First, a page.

One thing I did discover is that I really stink at talking about myself. I realized that neither me nor my life is very interesting, so it was a more difficult than I thought it would be to write about myself.

Read some of Ashley's most memorable posts:

Christy Lilley

Christy and Diana Courtesy of Christy Lilley hide caption

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Courtesy of Christy Lilley

Christy and Diana

Courtesy of Christy Lilley

From being diagnosed with pregnancy-induced hypertension (and later, pre-eclampsia) to being put on bed rest — all while chasing a toddler around, Christy's first couple of posts were a study in frustration. Through it all, the 32-year-old lawyer and mother of two in Charlotte, N.C., very much spoke to the struggles of the modern-day working mom.

I was honored to be selected to take part in the Baby Project and be included among such a talented and diverse group of women. I enjoyed writing about my experiences, but sharing my innermost thoughts and feelings with a national audience was different than anything I have ever done before.

I'd be excited to finish a post, but as soon as I hit send, I'd start to feel anxious knowing that my post was about to be published. I felt particularly vulnerable and exposed, especially when my post was the featured post on the Baby Project. I felt like hiding under a rock until the next post was published and mine was no longer front and center.

At times, I found it difficult to read the comments, and I admit, I didn't always read them all. The positive comments were inspiring, and those with differing opinions really made me think — as did the other moms' posts, which made me question and think about a lot of my choices in pregnancy, childbirth and parenting.

All in all, I think it was a great experience, and I will end it feeling confident about my choices, and positive about who I am as a mother and a person.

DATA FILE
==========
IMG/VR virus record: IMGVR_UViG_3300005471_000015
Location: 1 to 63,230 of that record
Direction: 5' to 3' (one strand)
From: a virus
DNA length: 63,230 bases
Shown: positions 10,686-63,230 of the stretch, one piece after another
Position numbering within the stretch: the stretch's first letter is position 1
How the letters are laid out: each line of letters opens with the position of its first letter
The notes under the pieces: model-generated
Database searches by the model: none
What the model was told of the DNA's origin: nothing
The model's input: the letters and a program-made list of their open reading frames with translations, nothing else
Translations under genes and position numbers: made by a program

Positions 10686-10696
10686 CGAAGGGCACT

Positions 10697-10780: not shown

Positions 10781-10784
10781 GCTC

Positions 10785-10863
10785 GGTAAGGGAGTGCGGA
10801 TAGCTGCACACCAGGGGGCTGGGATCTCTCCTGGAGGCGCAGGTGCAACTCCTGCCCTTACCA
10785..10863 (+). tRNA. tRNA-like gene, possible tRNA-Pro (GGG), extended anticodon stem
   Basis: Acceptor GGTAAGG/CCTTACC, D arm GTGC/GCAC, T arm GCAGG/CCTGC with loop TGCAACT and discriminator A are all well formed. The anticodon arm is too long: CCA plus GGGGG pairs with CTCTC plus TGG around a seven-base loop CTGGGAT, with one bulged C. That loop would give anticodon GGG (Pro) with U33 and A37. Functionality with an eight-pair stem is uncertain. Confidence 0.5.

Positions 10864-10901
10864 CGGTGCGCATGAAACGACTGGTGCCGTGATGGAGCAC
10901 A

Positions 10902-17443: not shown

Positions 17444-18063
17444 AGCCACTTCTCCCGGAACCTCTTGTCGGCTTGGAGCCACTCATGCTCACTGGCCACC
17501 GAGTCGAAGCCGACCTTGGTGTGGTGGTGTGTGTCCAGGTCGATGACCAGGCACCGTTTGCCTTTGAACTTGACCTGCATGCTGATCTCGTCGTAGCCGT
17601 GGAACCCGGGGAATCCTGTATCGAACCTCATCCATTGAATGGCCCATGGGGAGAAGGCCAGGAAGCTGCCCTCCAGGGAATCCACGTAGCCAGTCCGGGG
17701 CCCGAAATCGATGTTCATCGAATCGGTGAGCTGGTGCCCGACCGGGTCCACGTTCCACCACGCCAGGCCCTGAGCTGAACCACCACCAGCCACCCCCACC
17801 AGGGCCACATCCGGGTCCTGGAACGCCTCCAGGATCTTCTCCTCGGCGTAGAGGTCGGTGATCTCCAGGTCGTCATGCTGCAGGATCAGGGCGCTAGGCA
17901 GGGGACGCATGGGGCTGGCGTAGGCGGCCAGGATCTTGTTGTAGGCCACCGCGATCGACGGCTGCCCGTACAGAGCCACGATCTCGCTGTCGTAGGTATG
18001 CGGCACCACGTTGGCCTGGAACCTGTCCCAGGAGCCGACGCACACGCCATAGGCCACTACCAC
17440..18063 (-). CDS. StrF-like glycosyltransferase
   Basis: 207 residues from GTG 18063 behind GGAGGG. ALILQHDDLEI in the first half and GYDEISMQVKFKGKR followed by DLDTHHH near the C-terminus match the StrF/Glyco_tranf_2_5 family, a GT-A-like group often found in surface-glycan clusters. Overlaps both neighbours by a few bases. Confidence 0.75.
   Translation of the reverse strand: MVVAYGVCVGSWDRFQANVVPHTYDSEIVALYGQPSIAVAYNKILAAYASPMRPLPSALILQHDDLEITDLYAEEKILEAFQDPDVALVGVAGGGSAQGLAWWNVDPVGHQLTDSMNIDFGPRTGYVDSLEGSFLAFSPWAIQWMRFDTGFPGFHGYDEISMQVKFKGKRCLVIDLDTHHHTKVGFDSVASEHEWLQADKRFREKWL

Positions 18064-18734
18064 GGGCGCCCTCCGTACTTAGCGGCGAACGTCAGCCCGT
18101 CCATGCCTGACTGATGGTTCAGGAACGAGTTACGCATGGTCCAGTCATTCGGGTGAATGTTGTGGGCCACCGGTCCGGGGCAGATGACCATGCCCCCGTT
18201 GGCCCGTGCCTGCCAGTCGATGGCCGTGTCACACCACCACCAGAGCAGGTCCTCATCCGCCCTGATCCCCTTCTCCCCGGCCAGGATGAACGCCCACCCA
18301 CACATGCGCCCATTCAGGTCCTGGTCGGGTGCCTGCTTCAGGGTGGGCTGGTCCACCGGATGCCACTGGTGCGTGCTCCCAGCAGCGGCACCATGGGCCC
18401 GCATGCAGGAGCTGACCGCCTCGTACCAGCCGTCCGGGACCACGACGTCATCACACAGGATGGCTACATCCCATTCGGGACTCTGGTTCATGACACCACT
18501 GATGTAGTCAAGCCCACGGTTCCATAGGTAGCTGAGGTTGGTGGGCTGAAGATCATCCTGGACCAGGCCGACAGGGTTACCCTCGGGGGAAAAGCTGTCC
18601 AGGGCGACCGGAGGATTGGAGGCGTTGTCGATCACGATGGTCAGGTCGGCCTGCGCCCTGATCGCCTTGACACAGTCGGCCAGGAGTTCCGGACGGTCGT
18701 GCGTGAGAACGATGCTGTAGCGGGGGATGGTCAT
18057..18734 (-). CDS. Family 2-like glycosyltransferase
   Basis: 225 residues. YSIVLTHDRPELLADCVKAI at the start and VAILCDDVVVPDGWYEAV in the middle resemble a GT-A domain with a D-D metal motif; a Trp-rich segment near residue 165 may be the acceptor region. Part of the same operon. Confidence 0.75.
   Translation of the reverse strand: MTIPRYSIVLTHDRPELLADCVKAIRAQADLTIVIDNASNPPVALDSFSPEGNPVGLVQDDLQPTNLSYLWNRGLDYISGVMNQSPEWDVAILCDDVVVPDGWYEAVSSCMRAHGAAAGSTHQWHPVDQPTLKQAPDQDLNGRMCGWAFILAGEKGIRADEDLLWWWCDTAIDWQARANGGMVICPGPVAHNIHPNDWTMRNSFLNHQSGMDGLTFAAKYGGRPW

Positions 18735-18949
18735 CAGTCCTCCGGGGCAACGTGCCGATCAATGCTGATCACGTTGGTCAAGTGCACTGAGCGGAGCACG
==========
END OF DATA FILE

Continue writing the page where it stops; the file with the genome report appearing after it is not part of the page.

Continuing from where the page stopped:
My only regret about the project is that I did not have time to write more posts. I would often get an idea in my head for something I'd want to write about but just could not find the time to actually do it. The Baby Project inspired me to continue writing. I plan to revive a blog I started a few years ago for our long-distance family and friends to keep them updated while I was pregnant with James. Now I can write about our misadventures in parenting two kids. It's like free therapy!

Read some of Christy's most memorable posts:

Emily, Kai and Revira Courtesy of Emily Grace Whebbe hide caption

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Courtesy of Emily Grace Whebbe

Emily, Kai and Revira

Courtesy of Emily Grace Whebbe

Emily Grace Whebbe

None of the Baby Project bloggers fit neatly into any one category, but if we were forced to put a label on them, Emily would be our wide-eyed optimist. The 27-year-old freelance Web designer approached everything, it seemed, with enthusiasm and sincerity. In her final post, she wrote about her hopes for the future: "I hope next summer finds Revie and me in a garden, teaching her about plants and soil, maybe even in our own garden that grows enough food to sustain us," she wrote. "I know it's a far cry from the life we live now, but ... I remind myself that anything can happen."

Being a part of the Baby Project has been quite the experience. Just like childbirth, I still can't believe that I actually had a blog on NPR. Upon graduating from college, I ravenously applied for Minnesota Public Radio jobs, or any radio job that would take my voice, but alas I decided to go down a different career path (well, actually, radio decided it wasn't interested in me).

I'm honored to have been able to share my story among the other (much more interesting) mothers, and humbled to have had the support, encouragement and interest from readers. I'm no less than surprised that anyone was actually interested in my story, which caused some notable anxiety in the beginning.

Writing a story in which the main "climax" (labor and birth) was completely unpredictable was difficult, but I find myself wanting to write more about the unknown, because, in reality, everything in life is basically unknown until it happens. We can't really "plan" for anything except the inevitability of something happening.

I'm glad I participated, even when the comments were less than kind (it's amazing what people will say when they can remain anonymous). The only one that ever got to me, which I still think of today, was the one which said I should give my daughter up for adoption because I would be such a horrible parent. Now that I am a parent, I think about that comment often, knowing I could never give up Revie's pretty face. Mostly, I think of it because I feel bad that my child will have to encounter people like that person, who will be cold and outright mean to her.

I feel like the protective mother I always knew I would be — and at least the fact that those comments brought that out in me feels wonderful.

Read some of Emily's most memorable posts:

Jolivette and Maximilian Courtesy of Jolivette Mecenas hide caption